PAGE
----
Every single one of them was fantastic, bringing their words and music and loves and lives to the stage. Whether this was furious-but-fun punk, elegantly coiled poetry about the acronyms one must acquaint oneself with as a trans* person, sweetly tender songs about growth and uncertainty, bawdily defiant poetry, eloquent fierceness about femme identity or subversively genderqueer readings of opera, our performers were both affirming and challenging. It was an honour to be able to thank so many amazing people at the end of the day, from the performers to Jess who organised the majority of the day, our stage manager and our fantastic sound guy.

As an activist, I think about spaces. I think about the spaces that I challenge and create, and as I watched and applauded and ran around trying to locate performers I thought about the space that I’d helped open up in Pride. The spaces I am talking about are both physical – like the tent – but also more abstract. Space is also about what is given voice, what is allowed to flourish, the possibilities that can be articulated. Much of my annoyance at last year’s Pride was that it was a gay man, and possibly a lesbian, space. This is important, and I’m not disputing the significance of a space where people can hold hands with their same-sex partners and not feel that tiny prickle of concern even at the best of times – that anyone, anywhere, could suddenly take it upon themselves to vocally – and perhaps physically – object to that simple, unobtrusive affection. Other queer identities were less or not acknowledged however, and I found that really problematic. The LGBTQA community is a huge, diverse community and it’s really important to acknowledge and welcome that diversity. When that diversity is not embraced, it’s not simply an issue of our experiences not being given a voice, as isolating and unwelcoming as that is. A lack of trans* awareness contributed to some really upsetting incidents and the Pride organising committee were keen to avoid that happening this year.

There was something magical about being in a tent and being able to listen and watch people who articulated some of my fears and anxieties and desires. There were trans* people speaking and singing and playing about trans* experiences, and cis performers adapting and selecting their work to speak to us. Not us trying to eke out a trans* interpretation of a song or a poem, but them finding the points where we could understand each other. It was people exploring gender and all that came with it; negotiating the NHS, the harsh realities of genital surgery, the misery and joy we find in our bodies. When we started planning our tent, we were determined to bring a radical queer feminist perspective to Pride – something that we treasured in our communities but which we rarely found represented at Pride. In this tent we were able to do something special, and create a space that was visible and proud and joyful and intersectional and defiant.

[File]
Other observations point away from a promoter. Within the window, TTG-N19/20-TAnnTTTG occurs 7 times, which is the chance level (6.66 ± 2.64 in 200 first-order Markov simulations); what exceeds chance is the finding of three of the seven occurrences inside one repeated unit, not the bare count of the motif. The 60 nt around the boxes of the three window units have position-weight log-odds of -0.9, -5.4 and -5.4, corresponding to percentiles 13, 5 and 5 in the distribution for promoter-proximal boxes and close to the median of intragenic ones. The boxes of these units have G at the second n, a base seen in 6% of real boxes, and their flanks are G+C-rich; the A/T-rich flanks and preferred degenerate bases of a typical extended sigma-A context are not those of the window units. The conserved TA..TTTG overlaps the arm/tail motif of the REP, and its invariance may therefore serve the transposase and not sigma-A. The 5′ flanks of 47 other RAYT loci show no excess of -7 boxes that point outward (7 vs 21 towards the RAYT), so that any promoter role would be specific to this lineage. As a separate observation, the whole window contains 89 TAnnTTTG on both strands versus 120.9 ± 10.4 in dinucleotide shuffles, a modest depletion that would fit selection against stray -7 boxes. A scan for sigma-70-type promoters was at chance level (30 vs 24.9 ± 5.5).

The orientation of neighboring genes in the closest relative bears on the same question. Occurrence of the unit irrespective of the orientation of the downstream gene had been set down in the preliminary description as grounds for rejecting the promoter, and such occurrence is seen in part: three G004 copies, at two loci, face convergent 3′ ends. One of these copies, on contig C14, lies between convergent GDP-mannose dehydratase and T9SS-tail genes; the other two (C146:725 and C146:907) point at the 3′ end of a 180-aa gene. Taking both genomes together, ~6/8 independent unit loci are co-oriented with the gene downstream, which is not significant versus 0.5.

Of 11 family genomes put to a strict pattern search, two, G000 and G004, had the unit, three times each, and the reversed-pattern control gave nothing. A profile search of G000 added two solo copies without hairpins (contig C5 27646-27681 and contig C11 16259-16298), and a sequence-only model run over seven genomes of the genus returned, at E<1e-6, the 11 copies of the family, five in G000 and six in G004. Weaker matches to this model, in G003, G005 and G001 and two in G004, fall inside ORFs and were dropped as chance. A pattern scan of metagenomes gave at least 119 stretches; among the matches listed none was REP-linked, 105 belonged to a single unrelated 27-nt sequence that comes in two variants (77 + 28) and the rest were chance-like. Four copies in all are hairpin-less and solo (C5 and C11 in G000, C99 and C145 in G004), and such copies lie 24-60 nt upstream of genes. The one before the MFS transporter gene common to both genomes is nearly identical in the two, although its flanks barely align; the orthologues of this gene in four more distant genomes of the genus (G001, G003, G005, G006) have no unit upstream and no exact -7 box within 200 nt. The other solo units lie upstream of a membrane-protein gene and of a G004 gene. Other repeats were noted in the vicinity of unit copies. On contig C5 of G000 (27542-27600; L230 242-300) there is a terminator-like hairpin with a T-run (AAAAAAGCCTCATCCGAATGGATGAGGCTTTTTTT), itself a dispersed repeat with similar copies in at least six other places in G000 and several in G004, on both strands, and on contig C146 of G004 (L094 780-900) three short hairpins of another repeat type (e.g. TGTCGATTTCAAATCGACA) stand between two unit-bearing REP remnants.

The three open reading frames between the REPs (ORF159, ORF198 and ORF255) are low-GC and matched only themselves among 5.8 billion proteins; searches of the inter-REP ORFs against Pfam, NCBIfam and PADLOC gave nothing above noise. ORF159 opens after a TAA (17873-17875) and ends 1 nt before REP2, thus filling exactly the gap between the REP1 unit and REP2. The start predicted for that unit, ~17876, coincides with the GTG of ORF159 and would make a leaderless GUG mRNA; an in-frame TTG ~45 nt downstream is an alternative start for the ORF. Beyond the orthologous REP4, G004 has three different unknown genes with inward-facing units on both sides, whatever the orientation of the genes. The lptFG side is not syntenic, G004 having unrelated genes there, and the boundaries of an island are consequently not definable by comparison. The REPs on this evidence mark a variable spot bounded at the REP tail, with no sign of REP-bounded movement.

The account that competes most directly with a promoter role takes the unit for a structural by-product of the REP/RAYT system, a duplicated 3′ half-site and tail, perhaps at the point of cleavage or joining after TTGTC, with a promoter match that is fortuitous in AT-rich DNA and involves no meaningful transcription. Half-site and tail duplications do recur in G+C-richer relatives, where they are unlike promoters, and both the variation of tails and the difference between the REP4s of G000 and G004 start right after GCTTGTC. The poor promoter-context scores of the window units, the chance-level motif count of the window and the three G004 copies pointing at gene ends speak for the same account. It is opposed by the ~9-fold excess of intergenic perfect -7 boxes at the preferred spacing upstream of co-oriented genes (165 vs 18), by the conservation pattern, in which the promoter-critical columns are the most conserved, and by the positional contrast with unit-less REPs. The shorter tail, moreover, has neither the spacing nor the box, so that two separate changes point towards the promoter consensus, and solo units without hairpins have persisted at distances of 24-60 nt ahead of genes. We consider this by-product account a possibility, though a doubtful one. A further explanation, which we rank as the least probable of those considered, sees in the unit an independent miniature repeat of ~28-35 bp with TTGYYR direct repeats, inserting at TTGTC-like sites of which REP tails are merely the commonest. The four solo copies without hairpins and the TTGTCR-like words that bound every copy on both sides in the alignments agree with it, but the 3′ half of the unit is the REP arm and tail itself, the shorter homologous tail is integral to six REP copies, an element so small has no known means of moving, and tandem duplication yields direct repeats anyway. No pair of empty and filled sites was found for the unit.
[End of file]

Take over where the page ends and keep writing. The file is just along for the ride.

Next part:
Jase Redfield of Mental Gellar

Jase Redfield of Mental Gellar. Photo by Eriw Erif.

Obviously things went wrong (technical hitches, delays, transport issues for some of our performers) and I can only thank our performers for being so patient with us. I learnt a lot about managing an event like this, even though the learning curve was so steep it felt more like a ski slope.

I found it an interesting mixture of some of my academic interests and my activist interests. While as an academic I am interested in silences and space, this was an opportunity to put some of the things I’ve been thinking about into practice. Not just thinking about what trans* positive spaces might look like, but trying to actually create one and working out what needs to be done so it is a safe(r) and welcoming space. Theoretically, I want such a space to acknowledge the different and complex ways people identify, encourage exploration of intersectional identities and recognise that there is No One True Way of being trans*. I want this space to provide information and offer solace, to be able to engage with people. What this meant was looking carefully at who we’d invited to perform, having some basic guidelines for behaviour displayed in the tent, making information from a range of different organisations and about different issues available, and ensuring that the people covered in our trans* history information were from a variety of backgrounds and reflected some of the ambiguities of posthumously assigning a trans* identity to a historical figure.

It wasn’t the most academic way to spend a weekend – I’m pretty sure most academics don’t need to hire drumkits the day before an event – but it had impact. Not just in a research sense, although I do hope to work in areas of language and gender identity, but in the way we saw people come in to say hello or out of curiosity or seeking information, and leave feeling affirmed, moved, comforted. A trans* space was political for all the reasons I’ve discussed, but it wasn’t until the day itself that I realised how very personal it would be too.